“Our cultural troupe is an autonomous group. We put emphasis on songs, keeping in mind the low rate of literacy among the women we work with. The songs are composed by our activists and touch upon issues like literacy, violence, unorganised workers, political rights, dowry and rape. The performances are presented in slums, villages, colleges, offices, women’s groups, on a makeshift stage, in auditoriums or in open grounds in slums. The songs are usually sung before a play,” said Mhapsekar.

The Sanghatana also undertakes ‘yatras’ (journeys) of 10-15 days across the state, to reach a larger audience. In this, 40 to 60 activists travel in a bus through a particular region and stage their plays in collaboration with local activists.

The sanghatana’s sustained work with marginalised women, especially waste-pickers, resulted in the city’s first child-care centre for children of waste-picker women, an adult literacy campaign in Chembur and the rag-pickers’ union being formed in 1989-90. Three year later, Sharada Sathe, also a founding member, was appointed to the Maharashtra State Women’s Commission. The sanghatana has truly made its impact on policy and action on women’s issues.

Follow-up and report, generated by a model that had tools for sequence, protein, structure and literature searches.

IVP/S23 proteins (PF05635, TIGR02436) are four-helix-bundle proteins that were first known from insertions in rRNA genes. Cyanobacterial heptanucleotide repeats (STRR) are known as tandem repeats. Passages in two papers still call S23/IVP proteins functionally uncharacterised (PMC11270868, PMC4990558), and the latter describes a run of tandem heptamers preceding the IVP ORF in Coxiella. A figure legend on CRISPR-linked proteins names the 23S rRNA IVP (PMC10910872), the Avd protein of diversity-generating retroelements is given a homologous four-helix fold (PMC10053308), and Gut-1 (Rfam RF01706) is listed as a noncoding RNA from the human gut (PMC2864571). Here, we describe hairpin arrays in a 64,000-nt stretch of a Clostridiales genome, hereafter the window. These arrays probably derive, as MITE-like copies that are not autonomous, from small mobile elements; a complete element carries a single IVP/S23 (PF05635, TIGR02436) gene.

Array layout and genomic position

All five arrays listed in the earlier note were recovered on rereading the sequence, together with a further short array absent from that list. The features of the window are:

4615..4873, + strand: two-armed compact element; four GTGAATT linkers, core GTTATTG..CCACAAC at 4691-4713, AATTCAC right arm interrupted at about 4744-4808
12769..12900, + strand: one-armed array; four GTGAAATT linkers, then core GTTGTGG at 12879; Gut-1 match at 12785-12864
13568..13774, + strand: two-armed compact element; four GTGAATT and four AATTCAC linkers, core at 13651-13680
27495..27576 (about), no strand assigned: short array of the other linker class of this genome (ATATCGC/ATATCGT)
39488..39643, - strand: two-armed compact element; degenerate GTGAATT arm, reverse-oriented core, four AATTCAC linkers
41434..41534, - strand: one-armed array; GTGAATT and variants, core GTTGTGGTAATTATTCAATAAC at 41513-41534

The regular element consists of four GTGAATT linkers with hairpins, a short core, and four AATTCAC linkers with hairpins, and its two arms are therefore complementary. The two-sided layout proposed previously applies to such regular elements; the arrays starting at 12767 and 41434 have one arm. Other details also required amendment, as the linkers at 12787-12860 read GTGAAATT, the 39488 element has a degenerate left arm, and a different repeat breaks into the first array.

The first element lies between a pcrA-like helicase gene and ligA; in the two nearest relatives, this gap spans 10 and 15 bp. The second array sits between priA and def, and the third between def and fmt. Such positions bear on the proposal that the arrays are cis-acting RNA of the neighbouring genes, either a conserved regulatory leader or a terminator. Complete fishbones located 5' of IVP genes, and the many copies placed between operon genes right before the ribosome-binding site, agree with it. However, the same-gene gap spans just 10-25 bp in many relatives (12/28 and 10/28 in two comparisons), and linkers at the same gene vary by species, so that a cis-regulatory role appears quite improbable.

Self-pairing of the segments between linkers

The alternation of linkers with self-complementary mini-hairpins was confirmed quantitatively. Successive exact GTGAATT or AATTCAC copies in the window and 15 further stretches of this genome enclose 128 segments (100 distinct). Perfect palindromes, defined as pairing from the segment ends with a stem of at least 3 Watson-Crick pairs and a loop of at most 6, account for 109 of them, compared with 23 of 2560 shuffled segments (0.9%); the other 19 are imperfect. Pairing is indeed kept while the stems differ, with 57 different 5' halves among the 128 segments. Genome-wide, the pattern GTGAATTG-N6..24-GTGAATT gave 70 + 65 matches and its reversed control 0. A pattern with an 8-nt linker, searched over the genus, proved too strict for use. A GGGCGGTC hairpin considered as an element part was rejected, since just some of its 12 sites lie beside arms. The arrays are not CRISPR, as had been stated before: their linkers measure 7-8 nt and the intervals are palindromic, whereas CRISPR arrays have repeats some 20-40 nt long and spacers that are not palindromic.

Ten years ago, the sanghatana constructed its first bio-gas plant for the Brihanmumbai Municipal Corporation (BMC). Among other notable accomplishments, it helped form a federation of the self-help groups of women waste-pickers it had organised earlier. It has raised resources for educating more than 5,000 children of waste-picker women so far. “These children deserve a better chance in life, away from the dumping grounds,” the sanghatana believes.

Some women whose lives were touched by the sanghatana have progressed to other, better jobs. Many who continue as waste-pickers wear uniforms with protective masks, know their rights, access health-care and counselling, and believe they are not doing “kachre ka kaam.”

About their work
* Stree Mukti Sanghatana started work in 1975 and started publishing its journal

* Its theatre group is widely travelled and popular. It started out with the iconic play Mulgi Zhali Ho, to promote the cause of the girl child. Over the years, the group has done more than 5,000 shows of this and other plays, revolving around the theme of women’s literacy and violence against women

* It has done a wide range of activist work among many sections of women – from fighting against domestic

* violence and gender inequality to encouraging women’s literacy, building a network among women and organising rag-pickers

* It has organised more than 2,000 children, mostly those of rag-pickers in Mumbai, and sent them to schools. It runs day-care centres for children in Borivli, Andheri and Malad

* It publishes a magazine called Jidnyasa.